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The XML FAQ — Frequently-Asked Questions about the Extensible Markup Language

Section 3: Authors

Q 3.22: How can I handle embedded HTML in my XML?

Provide for it in the output, use a deep copy, or try disable-output-escaping.

Apart from using CDATA Sections, there are two common occasions when people want to handle embedded HTML inside an XML element:

  1. when they have received (possibly poorly-designed) XML or HTML from somewhere else which they must find a way to handle;

  2. when they have an application which has been explicitly designed to store a string of characters containing < and & character entity references with the objective of turning them back into markup in a later process (eg FreeMind, Atom).

Generally, you want to avoid this kind of trick, as it usually indicates that the document structure and design has been insufficiently thought out. However, there are occasions when it becomes unavoidable, so if you really need or want to use embedded HTML markup inside XML, and have it processable later as markup, there are a few techniques you may be able to use:

  • Provide templates for the handling of that markup in your XSLT transformation or whatever software you use which simply reproduces what was there untouched, eg if you have to preserve <b>some text</b> as-is, supply a template to do it:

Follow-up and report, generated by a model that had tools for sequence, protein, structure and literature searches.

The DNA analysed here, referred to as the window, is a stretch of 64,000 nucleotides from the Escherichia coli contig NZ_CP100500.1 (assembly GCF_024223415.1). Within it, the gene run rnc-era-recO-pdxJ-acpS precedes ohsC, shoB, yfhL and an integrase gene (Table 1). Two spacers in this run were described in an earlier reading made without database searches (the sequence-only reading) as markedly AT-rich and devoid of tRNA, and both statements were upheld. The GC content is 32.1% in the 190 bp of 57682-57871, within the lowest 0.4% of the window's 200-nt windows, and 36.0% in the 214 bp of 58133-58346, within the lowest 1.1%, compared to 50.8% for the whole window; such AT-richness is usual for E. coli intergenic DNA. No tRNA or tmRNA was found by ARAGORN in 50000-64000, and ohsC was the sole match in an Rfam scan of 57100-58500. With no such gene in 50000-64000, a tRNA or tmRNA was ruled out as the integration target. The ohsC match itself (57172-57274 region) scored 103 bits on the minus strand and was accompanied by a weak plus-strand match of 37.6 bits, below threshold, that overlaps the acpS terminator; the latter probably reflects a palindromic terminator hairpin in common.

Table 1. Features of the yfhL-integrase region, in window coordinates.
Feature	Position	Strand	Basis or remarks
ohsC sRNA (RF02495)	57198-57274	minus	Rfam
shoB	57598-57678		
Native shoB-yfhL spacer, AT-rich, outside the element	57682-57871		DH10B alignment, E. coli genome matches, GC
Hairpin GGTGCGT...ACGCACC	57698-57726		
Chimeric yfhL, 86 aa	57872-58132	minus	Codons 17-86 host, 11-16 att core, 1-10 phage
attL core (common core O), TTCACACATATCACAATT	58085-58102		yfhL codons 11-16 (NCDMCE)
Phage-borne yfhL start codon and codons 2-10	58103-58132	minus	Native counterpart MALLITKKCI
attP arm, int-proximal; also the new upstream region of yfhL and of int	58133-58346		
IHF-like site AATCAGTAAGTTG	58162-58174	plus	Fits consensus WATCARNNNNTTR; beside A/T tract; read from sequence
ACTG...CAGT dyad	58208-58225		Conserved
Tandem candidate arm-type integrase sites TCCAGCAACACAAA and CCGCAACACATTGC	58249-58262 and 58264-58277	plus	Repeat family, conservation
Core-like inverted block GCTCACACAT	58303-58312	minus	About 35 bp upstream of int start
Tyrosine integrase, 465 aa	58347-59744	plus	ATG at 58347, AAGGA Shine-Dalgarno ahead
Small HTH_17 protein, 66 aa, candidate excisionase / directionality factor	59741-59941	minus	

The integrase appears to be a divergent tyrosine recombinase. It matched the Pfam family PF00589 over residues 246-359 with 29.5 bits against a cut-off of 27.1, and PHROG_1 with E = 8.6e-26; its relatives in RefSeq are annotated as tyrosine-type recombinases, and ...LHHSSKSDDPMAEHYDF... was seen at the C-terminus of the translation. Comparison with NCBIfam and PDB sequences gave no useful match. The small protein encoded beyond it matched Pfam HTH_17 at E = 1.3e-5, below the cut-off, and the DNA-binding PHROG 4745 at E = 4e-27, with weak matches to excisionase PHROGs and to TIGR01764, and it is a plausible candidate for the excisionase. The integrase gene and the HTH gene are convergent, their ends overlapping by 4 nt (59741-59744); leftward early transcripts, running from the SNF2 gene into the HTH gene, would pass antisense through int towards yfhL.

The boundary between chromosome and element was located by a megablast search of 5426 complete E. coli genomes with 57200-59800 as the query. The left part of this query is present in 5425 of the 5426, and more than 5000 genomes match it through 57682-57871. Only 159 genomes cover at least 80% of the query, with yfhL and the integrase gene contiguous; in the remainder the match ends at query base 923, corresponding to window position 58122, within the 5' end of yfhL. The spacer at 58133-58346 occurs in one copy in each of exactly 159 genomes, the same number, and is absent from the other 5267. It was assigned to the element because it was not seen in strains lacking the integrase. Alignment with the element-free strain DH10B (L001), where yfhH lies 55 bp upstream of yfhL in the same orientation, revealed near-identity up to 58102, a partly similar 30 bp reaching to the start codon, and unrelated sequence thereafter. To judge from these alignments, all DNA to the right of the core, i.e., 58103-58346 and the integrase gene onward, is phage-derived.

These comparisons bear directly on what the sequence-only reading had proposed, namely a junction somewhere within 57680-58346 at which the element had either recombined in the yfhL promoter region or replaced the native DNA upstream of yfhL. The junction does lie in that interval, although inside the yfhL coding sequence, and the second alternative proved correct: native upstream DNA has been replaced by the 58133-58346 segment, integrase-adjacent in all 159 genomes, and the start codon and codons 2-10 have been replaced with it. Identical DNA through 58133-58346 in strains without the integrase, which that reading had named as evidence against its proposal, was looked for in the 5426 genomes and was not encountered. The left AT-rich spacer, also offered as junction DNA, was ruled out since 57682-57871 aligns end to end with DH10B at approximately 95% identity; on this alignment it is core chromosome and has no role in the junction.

<xsl:template match="h:b">

    (If you are handling elements from several different DTDs or Schemas, you will probably need Namespaces to keep them distinct, hence the h: prefix.)

  • Use XSLT's ‘deep copy’ instruction, which outputs nested well-formed markup verbatim, eg

    <xsl:template match="h:b">
      <xsl:copy-of select="."/>
  • As a last resort, use the disable-output-escaping attribute on the xsl:text element of XSL[T] which is available in some processors, eg

    <xsl:text disable-output-escaping="yes"><![CDATA[<b>Now!</b>]]&gt;</xsl:text>

    This falls into the ‘dirty tricks’ department, and is usually deprecated. Some processors do not support it.

  • Some processors (eg JX) are now providing their own equivalents for disabling output escaping. Their proponents claim it is ‘highly desirable’ or ‘what most people want’, but it still needs to be treated with care to prevent unwanted (possibly dangerous) arbitrary code from being passed untouched through your system. It also adds another dependency to your software.

For more details of using these techniques in XSL[T], see the relevant question in the XSL FAQ.

Read When should I use a CDATA Marked Section? as well, which is very closely related.